• Non-Exclusive License: An agreement providing the licensee certain rights, but reserving the right to grant licenses of the invention and rights concerned to third parties.

Metadata - Metadata summarizes basic information about data, making finding and working with particular instances of data easier. Metadata can be created manually to be more accurate, or automatically and contain more basic information.

Transfer Control - This command gives an NFT owner the capacity to transfer control or effective ownership of an NFT to a new owner.

Pausing - Stops all transfers of tokens

Wrapping - Exchanging one set of standards for token interaction with another set of standards.

Replevin - An action seeking return of personal property wrongfully taken or held by the defendant. Rules on replevin actions vary by jurisdiction.

Trespass to Chattels - A claim that a person has so interfered with another’s use and enjoyment of their property as to give rise to damages.

Conversion - An intentional act by a defendant causing the serious and substantial interference with or the destruction of the chattel of the defendant.

Key Problem / Topic Area

How can the law keep pace with unique digital property? Intellectual property licenses and online contracts tend to define owners as users of digital assets instead of owners.

Specific Question or Problem Statement

Where does copyright law and legal protection intersect with smart contracts and NFTs concerning the capacity for smart contracts to be legally enforceable?

Approach / Methodology

The researcher establishes a taxonomy that will define the concepts analyzed within the work. From that point, the researcher analyzes different legal frameworks and assesses how they would affect smart contracts and NFTs concerning legal enforcement of ownership and transfer of ownership. The researcher argues that NFTs are “Personal Property” and not “Contracts” due to the nature of NFTs generally being traded in the form of a “sale”.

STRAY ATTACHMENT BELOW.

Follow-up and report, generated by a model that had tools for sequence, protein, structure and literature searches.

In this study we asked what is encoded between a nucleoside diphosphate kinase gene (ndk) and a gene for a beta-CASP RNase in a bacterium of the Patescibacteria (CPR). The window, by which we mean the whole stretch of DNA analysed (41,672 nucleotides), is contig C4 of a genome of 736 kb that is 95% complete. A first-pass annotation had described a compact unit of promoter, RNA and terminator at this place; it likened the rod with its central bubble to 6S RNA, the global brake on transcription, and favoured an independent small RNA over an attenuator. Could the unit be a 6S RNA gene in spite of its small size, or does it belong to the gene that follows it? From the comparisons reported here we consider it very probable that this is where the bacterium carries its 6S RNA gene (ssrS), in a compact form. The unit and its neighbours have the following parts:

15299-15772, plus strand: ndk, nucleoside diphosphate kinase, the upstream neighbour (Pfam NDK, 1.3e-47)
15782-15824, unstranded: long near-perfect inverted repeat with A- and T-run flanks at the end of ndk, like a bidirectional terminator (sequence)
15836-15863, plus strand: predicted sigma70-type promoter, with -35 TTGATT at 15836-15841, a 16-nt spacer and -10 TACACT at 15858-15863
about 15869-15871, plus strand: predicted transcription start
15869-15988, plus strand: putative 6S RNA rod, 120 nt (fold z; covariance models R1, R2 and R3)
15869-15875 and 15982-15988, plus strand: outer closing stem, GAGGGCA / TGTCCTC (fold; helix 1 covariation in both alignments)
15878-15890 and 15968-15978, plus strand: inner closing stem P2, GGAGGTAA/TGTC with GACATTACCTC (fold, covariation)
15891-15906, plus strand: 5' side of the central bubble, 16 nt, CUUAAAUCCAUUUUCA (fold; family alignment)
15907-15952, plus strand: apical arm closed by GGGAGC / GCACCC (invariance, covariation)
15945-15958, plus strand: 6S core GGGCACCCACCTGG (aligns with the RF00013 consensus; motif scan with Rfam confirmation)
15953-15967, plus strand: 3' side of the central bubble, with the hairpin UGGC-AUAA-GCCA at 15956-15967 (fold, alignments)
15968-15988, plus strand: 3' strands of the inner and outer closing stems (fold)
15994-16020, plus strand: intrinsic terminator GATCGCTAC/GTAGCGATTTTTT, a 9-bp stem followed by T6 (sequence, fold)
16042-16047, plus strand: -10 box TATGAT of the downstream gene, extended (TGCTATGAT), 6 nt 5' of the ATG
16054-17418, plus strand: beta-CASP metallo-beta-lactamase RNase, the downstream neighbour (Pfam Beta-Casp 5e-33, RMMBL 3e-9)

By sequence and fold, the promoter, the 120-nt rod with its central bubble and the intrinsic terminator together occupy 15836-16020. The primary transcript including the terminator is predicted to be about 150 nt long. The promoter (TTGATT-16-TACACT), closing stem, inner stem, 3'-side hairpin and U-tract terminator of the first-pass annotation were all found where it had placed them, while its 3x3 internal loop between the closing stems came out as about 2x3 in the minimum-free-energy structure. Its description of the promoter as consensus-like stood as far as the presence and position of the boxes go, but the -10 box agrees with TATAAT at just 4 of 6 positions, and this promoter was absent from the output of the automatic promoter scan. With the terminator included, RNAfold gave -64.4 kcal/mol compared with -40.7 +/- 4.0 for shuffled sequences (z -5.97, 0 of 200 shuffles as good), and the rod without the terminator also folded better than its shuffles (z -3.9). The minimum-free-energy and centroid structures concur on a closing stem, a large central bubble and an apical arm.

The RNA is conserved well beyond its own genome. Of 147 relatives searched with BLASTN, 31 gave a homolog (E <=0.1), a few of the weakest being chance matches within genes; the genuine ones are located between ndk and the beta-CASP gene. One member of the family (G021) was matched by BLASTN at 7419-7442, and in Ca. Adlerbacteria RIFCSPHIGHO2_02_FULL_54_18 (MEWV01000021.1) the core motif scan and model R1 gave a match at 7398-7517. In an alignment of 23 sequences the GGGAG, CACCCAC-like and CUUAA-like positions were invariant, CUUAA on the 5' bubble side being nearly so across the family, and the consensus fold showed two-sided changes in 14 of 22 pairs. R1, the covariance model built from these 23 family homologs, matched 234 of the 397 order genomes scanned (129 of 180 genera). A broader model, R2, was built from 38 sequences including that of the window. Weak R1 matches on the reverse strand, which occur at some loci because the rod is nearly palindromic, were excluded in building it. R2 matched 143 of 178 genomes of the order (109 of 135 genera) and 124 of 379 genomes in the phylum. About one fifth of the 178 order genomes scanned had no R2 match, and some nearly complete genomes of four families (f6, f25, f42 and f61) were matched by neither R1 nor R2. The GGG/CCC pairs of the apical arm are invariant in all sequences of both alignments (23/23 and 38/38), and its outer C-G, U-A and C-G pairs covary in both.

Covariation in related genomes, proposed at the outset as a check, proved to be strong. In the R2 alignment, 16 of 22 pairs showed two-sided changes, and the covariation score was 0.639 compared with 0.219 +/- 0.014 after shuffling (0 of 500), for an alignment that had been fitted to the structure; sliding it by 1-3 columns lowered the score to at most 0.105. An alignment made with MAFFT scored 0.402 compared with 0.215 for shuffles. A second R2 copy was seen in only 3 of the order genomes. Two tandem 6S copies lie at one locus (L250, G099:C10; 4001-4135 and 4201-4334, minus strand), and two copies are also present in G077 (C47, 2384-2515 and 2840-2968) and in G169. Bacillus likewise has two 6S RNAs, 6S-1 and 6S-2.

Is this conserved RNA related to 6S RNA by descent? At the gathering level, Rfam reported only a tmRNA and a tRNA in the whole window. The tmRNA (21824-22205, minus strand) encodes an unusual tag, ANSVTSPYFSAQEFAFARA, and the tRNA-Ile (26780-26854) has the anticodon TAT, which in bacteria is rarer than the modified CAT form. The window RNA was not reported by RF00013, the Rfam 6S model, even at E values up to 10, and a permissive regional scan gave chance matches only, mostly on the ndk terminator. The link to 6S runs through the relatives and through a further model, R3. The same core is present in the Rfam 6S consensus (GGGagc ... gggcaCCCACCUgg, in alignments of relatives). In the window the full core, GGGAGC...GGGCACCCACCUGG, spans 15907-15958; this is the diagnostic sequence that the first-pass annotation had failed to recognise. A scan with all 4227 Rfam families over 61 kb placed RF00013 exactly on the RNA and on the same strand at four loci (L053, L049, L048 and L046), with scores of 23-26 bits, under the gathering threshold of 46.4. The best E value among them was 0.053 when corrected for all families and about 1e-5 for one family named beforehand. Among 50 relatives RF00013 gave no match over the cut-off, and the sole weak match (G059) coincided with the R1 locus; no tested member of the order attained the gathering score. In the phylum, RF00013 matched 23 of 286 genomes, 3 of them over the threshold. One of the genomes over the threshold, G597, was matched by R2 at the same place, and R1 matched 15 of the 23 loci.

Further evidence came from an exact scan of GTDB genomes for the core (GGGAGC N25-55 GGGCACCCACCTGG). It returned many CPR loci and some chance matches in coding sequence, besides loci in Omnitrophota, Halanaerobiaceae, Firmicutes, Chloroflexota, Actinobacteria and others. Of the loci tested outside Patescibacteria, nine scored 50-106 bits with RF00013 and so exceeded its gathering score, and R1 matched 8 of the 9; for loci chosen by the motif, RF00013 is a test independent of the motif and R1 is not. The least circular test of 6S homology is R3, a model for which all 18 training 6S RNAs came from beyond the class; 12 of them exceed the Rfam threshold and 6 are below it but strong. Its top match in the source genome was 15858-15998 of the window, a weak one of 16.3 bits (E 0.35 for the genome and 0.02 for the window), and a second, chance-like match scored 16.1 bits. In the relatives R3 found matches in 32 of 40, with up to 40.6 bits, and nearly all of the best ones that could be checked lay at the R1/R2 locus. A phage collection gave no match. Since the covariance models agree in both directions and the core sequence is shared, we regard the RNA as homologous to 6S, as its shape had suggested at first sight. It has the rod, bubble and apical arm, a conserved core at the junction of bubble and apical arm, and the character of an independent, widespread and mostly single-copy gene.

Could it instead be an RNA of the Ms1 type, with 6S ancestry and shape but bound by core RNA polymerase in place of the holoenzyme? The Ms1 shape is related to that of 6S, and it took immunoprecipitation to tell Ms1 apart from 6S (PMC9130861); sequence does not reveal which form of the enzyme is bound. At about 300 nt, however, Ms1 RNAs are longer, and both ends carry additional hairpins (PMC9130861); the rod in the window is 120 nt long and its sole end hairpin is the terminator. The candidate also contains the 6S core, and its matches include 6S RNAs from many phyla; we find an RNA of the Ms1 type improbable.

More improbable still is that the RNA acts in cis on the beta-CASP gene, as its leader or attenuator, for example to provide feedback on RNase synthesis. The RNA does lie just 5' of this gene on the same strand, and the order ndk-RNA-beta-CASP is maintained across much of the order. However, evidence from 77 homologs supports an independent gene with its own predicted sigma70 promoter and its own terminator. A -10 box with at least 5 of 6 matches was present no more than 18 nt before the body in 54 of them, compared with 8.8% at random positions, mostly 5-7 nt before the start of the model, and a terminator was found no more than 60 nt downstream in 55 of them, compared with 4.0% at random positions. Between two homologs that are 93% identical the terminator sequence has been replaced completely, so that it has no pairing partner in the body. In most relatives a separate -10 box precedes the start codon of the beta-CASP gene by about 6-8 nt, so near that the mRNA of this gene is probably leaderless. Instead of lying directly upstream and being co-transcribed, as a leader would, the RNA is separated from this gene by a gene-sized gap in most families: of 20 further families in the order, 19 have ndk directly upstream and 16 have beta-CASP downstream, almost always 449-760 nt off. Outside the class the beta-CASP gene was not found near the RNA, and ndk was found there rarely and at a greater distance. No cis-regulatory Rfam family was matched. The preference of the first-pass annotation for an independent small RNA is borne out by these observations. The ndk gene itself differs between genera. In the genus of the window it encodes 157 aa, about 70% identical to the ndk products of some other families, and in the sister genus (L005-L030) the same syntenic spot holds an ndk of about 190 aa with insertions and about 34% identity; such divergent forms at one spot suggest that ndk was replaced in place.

Conclusions / Key Takeaways

The researcher suggests that framing NFTs as property instead of contracts creates a framework in which the legal remedies of conversion, replevin, and trespass to chattels could be used as a supplement to the smart contracts as a means of ensuring that transfer of an NFT on-chain equates to transfer of legal ownership of property.

CTA: Future Work / RFP

In the context of reframing NFTs as property and focusing less on the NFT as a legal contract itself, the researcher suggests that legal frameworks that currently exist would protect transfer of ownership of property. If so, that would not necessarily have the same enforceability relative to a legal agreement for transfer of Intellectual Property or licensing of property rights.

The researcher suggests that a clear articulation of NFTs as digital property would create a pathway to get closer to treating NFTs and IP the same as physical property relative to transferring ownership. The researcher suggests that although smart contracts underpin NFTs, the sale and transfer of ownership of NFTs has been treated in the same manner as personal property and that changing the narrative to describe NFTs relative to property rather than a contract may be a better metaphor for garnering legal support for wider adoption.


It’s a remarkable framework. It’s still a prevalent viewpoint that digital asset is some kind of interest that comes from contracts, rather than personal property. I think it should move toward affirming its eligibility as personal property because its practical meaning for users becomes more like a chattel nowadays. For instance, in some life applications in the virtual world or VR/AR scenarios, the sense or meaning of using digital assets for users is the same as using physical things, chattels. Maybe this could be one reason that digital assets have the same legal meaning as tangible things. It can also simplify many legal issues result from the development of digital assets.


As you allude to, the notion of an “individual item” or “property” in a virtual environment would be tantamount to “digital chattel” and by proxy digital property is then just chattel. It takes some reframing to think of digital items as “property,” but after assessing the framework logically it is difficult not to concede the personal property framework as superior.